The Observer is a Student-run, daily print & online newspaper serving Notre Dame & Saint Mary's. Learn more about us.



A beginner’s guide to DVD, part 3

Brian Doxtader | Tuesday, January 18, 2005

Editor’s Note: This is the third in a three-part series on the basics of Digital Video Discs.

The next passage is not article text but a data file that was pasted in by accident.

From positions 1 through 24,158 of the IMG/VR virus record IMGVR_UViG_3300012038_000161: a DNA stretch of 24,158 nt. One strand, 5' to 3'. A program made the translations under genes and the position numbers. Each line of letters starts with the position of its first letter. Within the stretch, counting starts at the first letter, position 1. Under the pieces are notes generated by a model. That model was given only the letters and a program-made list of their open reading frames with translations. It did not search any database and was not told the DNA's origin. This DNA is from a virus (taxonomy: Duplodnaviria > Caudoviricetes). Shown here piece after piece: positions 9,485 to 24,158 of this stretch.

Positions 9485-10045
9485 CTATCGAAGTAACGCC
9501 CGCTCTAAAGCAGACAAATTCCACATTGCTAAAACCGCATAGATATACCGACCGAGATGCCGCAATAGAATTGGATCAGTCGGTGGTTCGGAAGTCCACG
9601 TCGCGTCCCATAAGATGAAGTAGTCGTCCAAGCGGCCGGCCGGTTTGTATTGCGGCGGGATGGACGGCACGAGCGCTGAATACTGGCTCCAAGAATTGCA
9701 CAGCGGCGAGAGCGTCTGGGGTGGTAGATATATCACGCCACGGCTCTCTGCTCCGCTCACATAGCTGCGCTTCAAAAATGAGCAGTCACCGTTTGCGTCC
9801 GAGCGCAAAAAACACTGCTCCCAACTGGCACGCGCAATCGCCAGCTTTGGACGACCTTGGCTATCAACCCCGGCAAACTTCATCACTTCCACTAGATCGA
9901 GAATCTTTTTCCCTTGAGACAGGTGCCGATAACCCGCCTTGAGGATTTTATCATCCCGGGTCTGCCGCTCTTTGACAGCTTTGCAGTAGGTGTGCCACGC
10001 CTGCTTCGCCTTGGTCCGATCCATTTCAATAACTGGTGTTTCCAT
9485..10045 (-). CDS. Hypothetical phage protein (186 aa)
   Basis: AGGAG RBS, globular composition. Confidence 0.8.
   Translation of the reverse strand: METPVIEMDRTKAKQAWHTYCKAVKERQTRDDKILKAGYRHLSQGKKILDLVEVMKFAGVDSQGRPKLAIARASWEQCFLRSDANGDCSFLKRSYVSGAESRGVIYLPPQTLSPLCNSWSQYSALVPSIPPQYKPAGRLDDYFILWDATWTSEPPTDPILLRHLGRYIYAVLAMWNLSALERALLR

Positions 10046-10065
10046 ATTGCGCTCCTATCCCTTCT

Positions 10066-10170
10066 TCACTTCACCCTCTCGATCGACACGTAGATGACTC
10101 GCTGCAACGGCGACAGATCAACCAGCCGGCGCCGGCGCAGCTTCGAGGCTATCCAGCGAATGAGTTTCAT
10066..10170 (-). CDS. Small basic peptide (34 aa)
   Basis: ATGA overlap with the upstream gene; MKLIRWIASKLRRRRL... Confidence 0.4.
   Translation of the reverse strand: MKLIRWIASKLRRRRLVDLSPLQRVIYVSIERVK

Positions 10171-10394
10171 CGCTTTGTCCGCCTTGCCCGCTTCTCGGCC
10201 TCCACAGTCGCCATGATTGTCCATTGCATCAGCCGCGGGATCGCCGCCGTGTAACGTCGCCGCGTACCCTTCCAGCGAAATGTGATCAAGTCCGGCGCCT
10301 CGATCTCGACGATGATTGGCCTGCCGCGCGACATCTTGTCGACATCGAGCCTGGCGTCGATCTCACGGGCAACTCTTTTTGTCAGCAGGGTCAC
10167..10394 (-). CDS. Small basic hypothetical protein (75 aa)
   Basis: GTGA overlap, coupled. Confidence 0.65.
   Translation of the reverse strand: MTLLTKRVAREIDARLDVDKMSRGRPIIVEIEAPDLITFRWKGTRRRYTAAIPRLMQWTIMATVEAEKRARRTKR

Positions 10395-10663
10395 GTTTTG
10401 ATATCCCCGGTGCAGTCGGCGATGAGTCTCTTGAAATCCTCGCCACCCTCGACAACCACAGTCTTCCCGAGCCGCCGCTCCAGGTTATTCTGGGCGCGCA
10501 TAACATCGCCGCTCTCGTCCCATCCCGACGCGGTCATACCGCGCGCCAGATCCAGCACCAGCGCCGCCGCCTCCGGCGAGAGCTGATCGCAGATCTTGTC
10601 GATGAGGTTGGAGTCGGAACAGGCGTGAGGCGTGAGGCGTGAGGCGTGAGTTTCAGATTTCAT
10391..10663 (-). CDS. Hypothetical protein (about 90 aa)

What is a DVD transfer?A transfer is the compression of film into digital information that is placed onto the DVD.What problems hurt transfers?A transfer is essentially the movement from one exhibition medium to another; a DVD will rarely look as good as film stock when projected. Accordingly, there can be various picture quality problems with DVD transfers.What is edge enhancement?Edge enhancement is the artificial sharpening of an image to compensate for the transfer to a digital medium. While this is generally not noticeable on a smaller television, edge enhancement on a larger display will cause haloing. Haloing is a picture imperfection caused by differences in light and/or color. It is comparable to the extraneous light caused by a streetlamp. Generally, it is better if a film is transferred without digital enhancement, but this can cause picture softness.Another potential problem is compression artifacting or digital artifacting. Artifacts are imperfections in the picture caused by poor compression of the digital information when placed on the disc. They appear as pixilation in otherwise clear prints and are usually noticeable and distracting.What is picture softness?Picture softness is the opposite extreme of edge enhancement. In this, the DVD is actually less detailed than the original film print. This is another result of switching between two different mediums. The effect of picture softness is an image that looks slightly out of focus. Again, this is more noticeable on larger displays than on smaller televisions.Original and remixed SoundSoundtracks should be clear and free of hiss, pops or crackles. Most studios are able to create clear sound-mixes, although many do not take advantage of surrounds and have most of the soundtrack mixed to the center speaker.When possible, a studio should maintain the original sound mix as intended by filmmakers. Often, however, they will remix the sound in a different format. Remixed soundtracks almost never sound the same as the original. For instance, James Cameron’s “The Terminator” has an optional 5.1 track in addition to the original mono; the differences in these tracks are immediately noticeable. Most frustrating is when studios place only remixed tracks onto DVD’s. Steven Spielberg’s “Jaws” is available in two separate editions: DTS and Dolby 5.1. Unfortunately, neither version contains the original mono soundtrack.RestorationMany older films undergo digital restoration before DVD presentation. Some companies such as Lowry Digital (“Indiana Jones,” “Star Wars,” “Citizen Kane”) and Criterion have become renowned for their restoration efforts.Restoration is a complicated and often difficult matter. Unlike straight transfers, the original negatives are usually in unpreserved shape, and, in the worst case scenarios, are completely destroyed altogether. Prints can have scratches, dirt, or tears that degrade the quality of the film, and thus, the DVD. This leads to all kinds of problems: un-restored transfers can range from “good” to “unwatchable”, depending on the source materials.Bringing old films back to life usually consists of (and requires) computerized digital cleaning of the print.Color prints are often even more difficult since older films used Technicolor’s three-dye process. This process created prints that faded over time, so older negatives of such films are colored incorrectly. Restorers thus have to use computers to re-color these films as accurately as possible. This often leads to problems akin to remixed audio: in many cases, the colors won’t be exactly the same as originally filmed. The original transfer of David Lean’s “Lawrence of Arabia” was color-timed incorrectly, but the newly restored Superbit re-issue has since corrected this issue. Additionally, bad compression or transfers can affect color levels, especially in black tones, which can look either splotchy or faded.In some cases, serendipity leads to excellent re-issues of older films. For instance, Carl Theodor Dreyer’s “The Passion of Joan of Arc” was thought to be lost forever to fire. However, a nearly-complete print in good condition was discovered in a mental institute in the mid-1980s. A complete restoration followed. Similarly, Criterion had prepared a transfer of Jean Renoir’s “The Rules of the Game” when new and better source materials surfaced; the company re-restored the film from this new material. Yet there are still problems with finding good source material. While Kino’s edition of Fritz Lang’s “Metropolis” is the best and most complete edition available, it is widely known that there are still considerable amounts of footage missing, probably gone forever.What’s Next?The final word comes in the form of a warning of sorts. The next wave of technology will soon be upon us, and a format war may be brewing, similar to the war between VHS and Beta. Sony (which recently acquired MGM’s catalog) is backing its own blue-laser technology, Blu-Ray, while Warner, Universal, New Line, and Paramount are all backing HD-DVD. While both technologies have their benefits and drawbacks, only time will tell which will emerge as the superior format. In the meantime, DVD is the best commercially available technology and has revolutionized the home theater market for the better.